Yankees third baseman Josh Donaldson issued an apology Thursday to both the Jackie Robinson family and White Sox shortstop Tim Anderson.
“First and foremost, I have the utmost respect for what Tim Anderson brings to the game of baseball,” he said, via Mark Feinsand. “I stated over the weekend that I apologized for offending Tim and that it was a misunderstanding based on multiple exchanges between us over the years. My view of that exchange hasn’t changed and I absolutely meant no disrespect. In the past, it had never been an issue and now that it is, we have a mutual understanding.
“I would also like to apologize to Mrs. Rachel Robinson and the Jackie Robinson family for any distress this incident may have caused. Jackie was a true American hero and I hold his name in the highest regard.”
Robinson, who was inducted into the Baseball Hall of Fame in 1962, broke the color barrier in baseball in 1947 with the Brooklyn Dodgers. He went on to make six All-Star teams and was named the National League MVP in 1949.
Donaldson admitted to calling Anderson “Jackie,” during Saturday’s game between the two teams, a reference to a 2019 interview with Sports Illustrated where Anderson said he felt like today’s Jackie Robinson. Anderson, who is Black, took offense to the comment and manager Tony La Russa said it was racist, but declined to comment further.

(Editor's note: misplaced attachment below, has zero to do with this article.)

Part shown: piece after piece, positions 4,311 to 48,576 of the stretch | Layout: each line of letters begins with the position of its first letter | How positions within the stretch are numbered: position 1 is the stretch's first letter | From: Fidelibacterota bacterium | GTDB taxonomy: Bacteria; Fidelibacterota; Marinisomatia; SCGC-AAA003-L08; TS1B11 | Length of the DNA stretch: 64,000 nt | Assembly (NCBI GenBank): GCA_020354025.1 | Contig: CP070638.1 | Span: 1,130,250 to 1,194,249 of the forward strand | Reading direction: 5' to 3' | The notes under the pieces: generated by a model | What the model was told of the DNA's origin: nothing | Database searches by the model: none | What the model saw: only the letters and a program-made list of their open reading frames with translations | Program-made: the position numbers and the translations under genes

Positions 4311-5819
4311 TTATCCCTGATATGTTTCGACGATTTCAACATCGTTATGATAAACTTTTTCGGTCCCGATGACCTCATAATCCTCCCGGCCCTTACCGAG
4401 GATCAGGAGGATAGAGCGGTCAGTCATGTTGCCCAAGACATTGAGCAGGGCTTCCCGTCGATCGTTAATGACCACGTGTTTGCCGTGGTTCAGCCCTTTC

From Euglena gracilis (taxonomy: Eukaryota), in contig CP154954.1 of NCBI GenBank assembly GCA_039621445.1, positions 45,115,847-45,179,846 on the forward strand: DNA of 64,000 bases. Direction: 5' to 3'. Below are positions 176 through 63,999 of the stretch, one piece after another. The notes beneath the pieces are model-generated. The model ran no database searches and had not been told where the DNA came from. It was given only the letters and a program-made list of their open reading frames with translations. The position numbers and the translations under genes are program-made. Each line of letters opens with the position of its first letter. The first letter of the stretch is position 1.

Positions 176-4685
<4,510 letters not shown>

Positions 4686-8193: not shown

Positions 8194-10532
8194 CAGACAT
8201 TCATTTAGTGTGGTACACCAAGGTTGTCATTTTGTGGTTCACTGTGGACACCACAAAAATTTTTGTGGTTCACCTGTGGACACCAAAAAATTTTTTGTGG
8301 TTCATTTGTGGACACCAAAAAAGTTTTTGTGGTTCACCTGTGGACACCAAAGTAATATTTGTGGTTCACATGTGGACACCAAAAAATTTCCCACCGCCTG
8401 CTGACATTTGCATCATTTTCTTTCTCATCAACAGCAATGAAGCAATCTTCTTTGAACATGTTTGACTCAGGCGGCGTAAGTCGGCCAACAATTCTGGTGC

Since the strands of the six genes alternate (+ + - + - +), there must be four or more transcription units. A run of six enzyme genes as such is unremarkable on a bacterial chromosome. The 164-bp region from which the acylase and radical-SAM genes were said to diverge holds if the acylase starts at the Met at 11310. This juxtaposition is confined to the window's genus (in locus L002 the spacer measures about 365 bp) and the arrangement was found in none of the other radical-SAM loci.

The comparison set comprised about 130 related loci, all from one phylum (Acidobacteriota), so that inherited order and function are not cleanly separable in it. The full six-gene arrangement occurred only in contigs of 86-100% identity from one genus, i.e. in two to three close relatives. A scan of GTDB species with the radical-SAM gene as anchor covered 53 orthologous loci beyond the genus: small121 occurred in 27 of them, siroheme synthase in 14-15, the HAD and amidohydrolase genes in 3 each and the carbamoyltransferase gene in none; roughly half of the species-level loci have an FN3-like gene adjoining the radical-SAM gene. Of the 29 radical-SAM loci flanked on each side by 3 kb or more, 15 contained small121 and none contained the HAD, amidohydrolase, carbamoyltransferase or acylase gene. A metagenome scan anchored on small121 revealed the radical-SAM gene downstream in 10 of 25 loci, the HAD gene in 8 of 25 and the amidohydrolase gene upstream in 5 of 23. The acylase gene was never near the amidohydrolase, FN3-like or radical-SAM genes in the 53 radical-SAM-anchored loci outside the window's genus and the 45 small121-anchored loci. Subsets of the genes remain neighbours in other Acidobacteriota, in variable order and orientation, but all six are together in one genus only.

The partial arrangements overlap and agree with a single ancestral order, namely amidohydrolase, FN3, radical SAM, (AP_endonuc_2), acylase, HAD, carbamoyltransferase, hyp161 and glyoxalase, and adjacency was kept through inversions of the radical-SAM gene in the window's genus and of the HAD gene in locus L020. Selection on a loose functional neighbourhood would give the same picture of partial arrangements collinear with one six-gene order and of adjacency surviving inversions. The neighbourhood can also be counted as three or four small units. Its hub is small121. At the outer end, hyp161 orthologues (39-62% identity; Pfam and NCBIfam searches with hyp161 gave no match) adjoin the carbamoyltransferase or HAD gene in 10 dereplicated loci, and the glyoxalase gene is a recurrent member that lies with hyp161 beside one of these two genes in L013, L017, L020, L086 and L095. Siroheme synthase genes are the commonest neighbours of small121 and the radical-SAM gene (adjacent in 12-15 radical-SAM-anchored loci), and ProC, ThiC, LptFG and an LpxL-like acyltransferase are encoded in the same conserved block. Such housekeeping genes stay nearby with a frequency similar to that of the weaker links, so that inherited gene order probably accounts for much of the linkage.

“He just made a disrespectful comment,” Anderson said. “Basically he was trying to call me Jackie Robinson. ‘What’s up, Jackie?’ I don’t play like that. I don’t really play at all. I wasn’t really going to bother nobody today, but he made the comment and you know it was disrespectful and I don’t think it was called for. It was unnecessary.”
MLB suspended Donaldson for one game Monday and fined him an undisclosed amount. Yankees manager Aaron Boone said he thought MLB made the wrong decision.
“I think they were thoughtful and did their due diligence on it and made what was a tough call,” Boone said. “I don’t agree with it. I don’t think it warranted a suspension, but I certainly respect their process.”
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